I'm getting some conflicting advice on the best mix to use for setting fence
posts for a 6ft vinyl privacy fence. I've been told that any Quikrete mix
(like the #1101) will set up if poured dry. I've also been told that the
fast setting the fast setting #1004 is far better. Someone even told me that
the non-fast setting will only have half the strength of the red bag, fast
setting mix if poured dry. I'd like to save some money if possible but don't
want to sacrifice strength over the years as this fence will catch lots of
wind over the years.
Yes, advice follows:
Buy a couple of cases of good beer or mix a few pitchers of margaritas
on the rocks, ten to fifteen pounds of beef ribs and get the grill ready to
light. Then buy a wheelbarrow and the concrete mix, drag the hose to the
worksite (the water hose, that is) and invite your office buddies out to
help you install the fence correctly. Make sure the boom box has extra
You can't do a half assed job if the fence is going to catch a lot of
wind over the years. So, mix the concrete according to the directions.
Dry pour of quickrete will be sufficient, but for heavy winds and a longer
lasting footer, (and piece of mind) I would suggest a wet pour of quickrete
12" diameter and 12-24"deep, depending on your local frost line.
I put in a vinyl fence. The instructions said put concrete around the
posts, put 2 pieces or rebar inside the posts, then fill the posts with
concrete. These are 4 or 5 inch square posts.
Those posts aren't going anywhere.
Dump a bucket of water in the hole and then pour in the quikrete or vice
versa, don't make it complicated. It's vinyl fencing, the vinyl will break
a million years before the concrete no matter how badly you botch the job.
Quickcrete (brand name) is expensive. Use the no name stuff sold by Lowes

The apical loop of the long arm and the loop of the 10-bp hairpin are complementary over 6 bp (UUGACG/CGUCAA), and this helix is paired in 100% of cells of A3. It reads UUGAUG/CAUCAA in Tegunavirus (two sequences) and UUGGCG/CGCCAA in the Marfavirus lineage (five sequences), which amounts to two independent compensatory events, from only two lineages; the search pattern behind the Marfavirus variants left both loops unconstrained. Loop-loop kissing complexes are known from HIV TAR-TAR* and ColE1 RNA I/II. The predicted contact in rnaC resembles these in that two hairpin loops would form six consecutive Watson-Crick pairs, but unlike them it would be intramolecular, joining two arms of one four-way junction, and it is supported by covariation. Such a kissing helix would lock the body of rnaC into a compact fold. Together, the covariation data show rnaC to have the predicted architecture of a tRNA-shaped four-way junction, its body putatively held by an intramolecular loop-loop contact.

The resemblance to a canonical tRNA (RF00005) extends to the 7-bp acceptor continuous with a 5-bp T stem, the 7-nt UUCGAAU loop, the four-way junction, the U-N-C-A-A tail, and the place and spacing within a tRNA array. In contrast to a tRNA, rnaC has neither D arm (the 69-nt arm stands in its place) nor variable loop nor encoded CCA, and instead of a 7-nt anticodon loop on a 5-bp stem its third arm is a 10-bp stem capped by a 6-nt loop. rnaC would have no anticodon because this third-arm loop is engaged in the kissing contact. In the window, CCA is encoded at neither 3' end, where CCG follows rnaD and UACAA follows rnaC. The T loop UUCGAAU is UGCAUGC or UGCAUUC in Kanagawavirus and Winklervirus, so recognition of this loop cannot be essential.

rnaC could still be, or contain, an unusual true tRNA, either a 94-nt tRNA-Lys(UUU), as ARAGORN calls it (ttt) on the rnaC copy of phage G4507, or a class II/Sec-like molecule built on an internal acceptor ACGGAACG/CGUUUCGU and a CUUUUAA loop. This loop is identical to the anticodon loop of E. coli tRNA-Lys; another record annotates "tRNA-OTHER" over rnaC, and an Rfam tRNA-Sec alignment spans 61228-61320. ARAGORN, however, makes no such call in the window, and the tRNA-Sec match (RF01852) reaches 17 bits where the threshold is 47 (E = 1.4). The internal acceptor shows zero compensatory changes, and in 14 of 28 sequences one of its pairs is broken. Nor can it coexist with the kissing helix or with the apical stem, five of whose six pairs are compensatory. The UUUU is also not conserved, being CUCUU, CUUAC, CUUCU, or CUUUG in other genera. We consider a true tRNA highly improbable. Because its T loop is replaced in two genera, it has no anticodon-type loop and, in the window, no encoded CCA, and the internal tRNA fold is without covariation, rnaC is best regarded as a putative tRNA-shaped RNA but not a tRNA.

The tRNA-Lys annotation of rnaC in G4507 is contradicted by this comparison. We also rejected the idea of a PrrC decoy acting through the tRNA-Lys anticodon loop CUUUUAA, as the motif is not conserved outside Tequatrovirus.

or HD..about half the price
For fencepost "anchors" it doesnt matter..Why do you need fast setting ?
Just brace the posts and let it set overnight.
But you should think about providing bearing surface rather than just a
blob on the bottom of the post. Spread it out horizontally a few
inches down in the dirt. Or use long horizontal rebar to stablize it.
For a fence post, the extra expense of quick setting or high strength is
unwarranted. The post hole concrete is a mix with more/bigger/random sized
aggregate in it and optimized to make it easier to absorb water from the
The whole concept of putting the mix in dry is a time saver. Not only do
you not have to premix the concrete but the dry mix holds the post steady
while the ground water permeates the mix and allows the chemical reaction to
occur. With mixed concrete you will need to brace the post in place while
The ground does need to be moist or you can just dump water on top of the
mix in the hole. Sure it takes longer, sure it is not as hard, but you do
not need this for a post of a lightweight vinyl fence
Doesn't make any difference regarding the concrete chosen. Cheap fence post
will die before the concrete caves in. Just pour it with your choice, dry
or wet pour. If you decide to move to something more substantial, please
post again with that information.
"Doug Steckel" < firstname.lastname@example.org> wrote in message
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